When the World Cup groups were drawn in December, many of the top seeds—Brazil, Spain, Germany, Argentina—were perennial giants. A few—Colombia, Uruguay, Belgium—raised a few eyebrows for, if nothing else, their novelty as a world superpower. One country in particular, Switzerland, didn't seem to belong at all. And yet, here we are.
Switzerland haven't done anything on the international stage. They've been to the quarterfinals of the World Cup three times back in the before time, but that's about it. Between 1970 to 2002, they only qualified for one World Cup. While this is their best shot in a loooong time to do anything of note in a major tournament, the window of opportunity is just beginning to open up for the Swiss.
As is the narrative in so many countries come Cupping season, the Swiss feel they are in the nascent stages of a budding golden generation. Here are their four most talented attacking players, with their ages: Winger Xherdan Shaqiri (22), striker Josip Drmić (21), midfielder Granit Xhaka (21), and winger Valentin Stocker (25). Lest you worry about inexperience, those four are supported by players all in their late-ish 20s, save fellow youngster Ricardo Rodríguez (21).
The Swiss easily ran through their European World Cup qualifiers, but they only had to dispatch the bush league quartet of Iceland, Slovenia, Albania, and Cyprus (are these teams even on FIFA?). They coasted with a seven-point gap over second-place Iceland, but....so what? FIFA ranks them sixth in the world, sandwiched between Argentina and Uruguay, but the more respected Elo ratings have them 10 spots lower, more on par with Russia, Mexico and Ukraine. And yet, here we are.
No one thinks they're ready yet, and they're not ready yet, but none of that even matters, because this nation fluked the weakest group again in Brazil, and will play France, Ecuador, and Honduras in the preliminary round. They're a good bet to advance again.
No one believes them a real threat anyway, and no one should. But this nation is young, their talent undeniable, and they're steadily improving. Even if glory this tournament isn't in the cards (it's not), Switzerland's name should ring bells for some time.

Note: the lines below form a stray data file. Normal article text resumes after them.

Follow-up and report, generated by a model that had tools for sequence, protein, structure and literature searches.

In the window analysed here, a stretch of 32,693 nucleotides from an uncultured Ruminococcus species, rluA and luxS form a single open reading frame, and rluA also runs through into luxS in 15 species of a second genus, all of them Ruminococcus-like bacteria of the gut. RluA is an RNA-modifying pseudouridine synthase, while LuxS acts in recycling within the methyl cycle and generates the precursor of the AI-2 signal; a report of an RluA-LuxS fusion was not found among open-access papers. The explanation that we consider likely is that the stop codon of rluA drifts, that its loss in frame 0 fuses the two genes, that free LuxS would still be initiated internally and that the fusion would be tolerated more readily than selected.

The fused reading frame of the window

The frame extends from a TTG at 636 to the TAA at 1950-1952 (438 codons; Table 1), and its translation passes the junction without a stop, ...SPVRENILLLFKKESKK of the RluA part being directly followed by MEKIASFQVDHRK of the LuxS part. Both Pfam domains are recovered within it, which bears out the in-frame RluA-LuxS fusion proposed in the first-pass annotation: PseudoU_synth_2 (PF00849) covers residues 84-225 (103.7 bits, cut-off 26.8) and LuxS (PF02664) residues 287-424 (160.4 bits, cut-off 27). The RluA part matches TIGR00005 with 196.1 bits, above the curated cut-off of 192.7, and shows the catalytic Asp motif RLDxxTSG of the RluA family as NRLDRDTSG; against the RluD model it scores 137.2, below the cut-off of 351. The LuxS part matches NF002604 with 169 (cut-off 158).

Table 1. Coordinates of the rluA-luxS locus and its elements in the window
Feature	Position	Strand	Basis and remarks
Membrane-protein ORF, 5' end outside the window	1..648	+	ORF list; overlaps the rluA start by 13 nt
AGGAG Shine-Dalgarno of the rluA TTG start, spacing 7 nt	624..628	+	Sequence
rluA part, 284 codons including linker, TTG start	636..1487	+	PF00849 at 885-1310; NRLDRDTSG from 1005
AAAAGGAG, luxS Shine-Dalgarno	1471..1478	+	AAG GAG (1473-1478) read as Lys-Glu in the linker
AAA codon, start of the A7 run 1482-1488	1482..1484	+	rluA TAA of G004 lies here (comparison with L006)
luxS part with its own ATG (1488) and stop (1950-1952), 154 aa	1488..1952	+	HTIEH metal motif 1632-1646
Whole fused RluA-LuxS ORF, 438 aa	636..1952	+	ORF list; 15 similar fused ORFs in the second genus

Goalkeepers: Diego Benaglio (Wolfsburg), Yann Sommer (Basel), Roman Bürki (Freiburg)
Defenders: Stephan Lichtsteiner (Juventus), Philippe Senderos (Valencia), Johan Djourou (Hamburg), Steve von Bergen (Young Boys), Reto Ziegler (Sassuolo), Ricardo Rodríguez (Wolfsburg), Fabian Schär (Basel), Michael Lang (Grasshopper)
Midfielders: Tranquillo Barnetta (Eintracht Frankfurt), Gökhan Inler (Napoli), Valon Behrami (Napoli), Gelson Fernandes (Freiburg), Blerim Džemaili (Napoli), Xherdan Shaqiri (Bayern Munich), Granit Xhaka (Borussia Mönchengladbach), Valentin Stocker (Hertha Berlin)
Forwards: Admir Mehmedi (Freiburg), Mario Gavranović (Zürich), Haris Seferović (Real Sociedad), Josip Drmić (Nürnberg)
I Rossocrociati (The Red Crusaders)
Hitzfeld is one of the world's great managers who doesn't get his due. You may not think it, judging on his current post in charge of lowly old Switzerland, but his choice in job is deeper than just the chase for money and glory.
Hitzfeld was a pretty good player in his own right. The German spent the vast majority of his 12-year career in the Swiss league, with a short stint in his homeland in the middle. Upon retiring, Hitzfeld remained in Switzerland and managed a couple clubs there. After that, he enjoyed extremely successful spells with Borussia Dortmund and Bayern Munich, winning the Bundesliga multiple times with both clubs, as well as bringing each side a Champions League trophy, making him only one of five managers to win the Champions League with two different teams.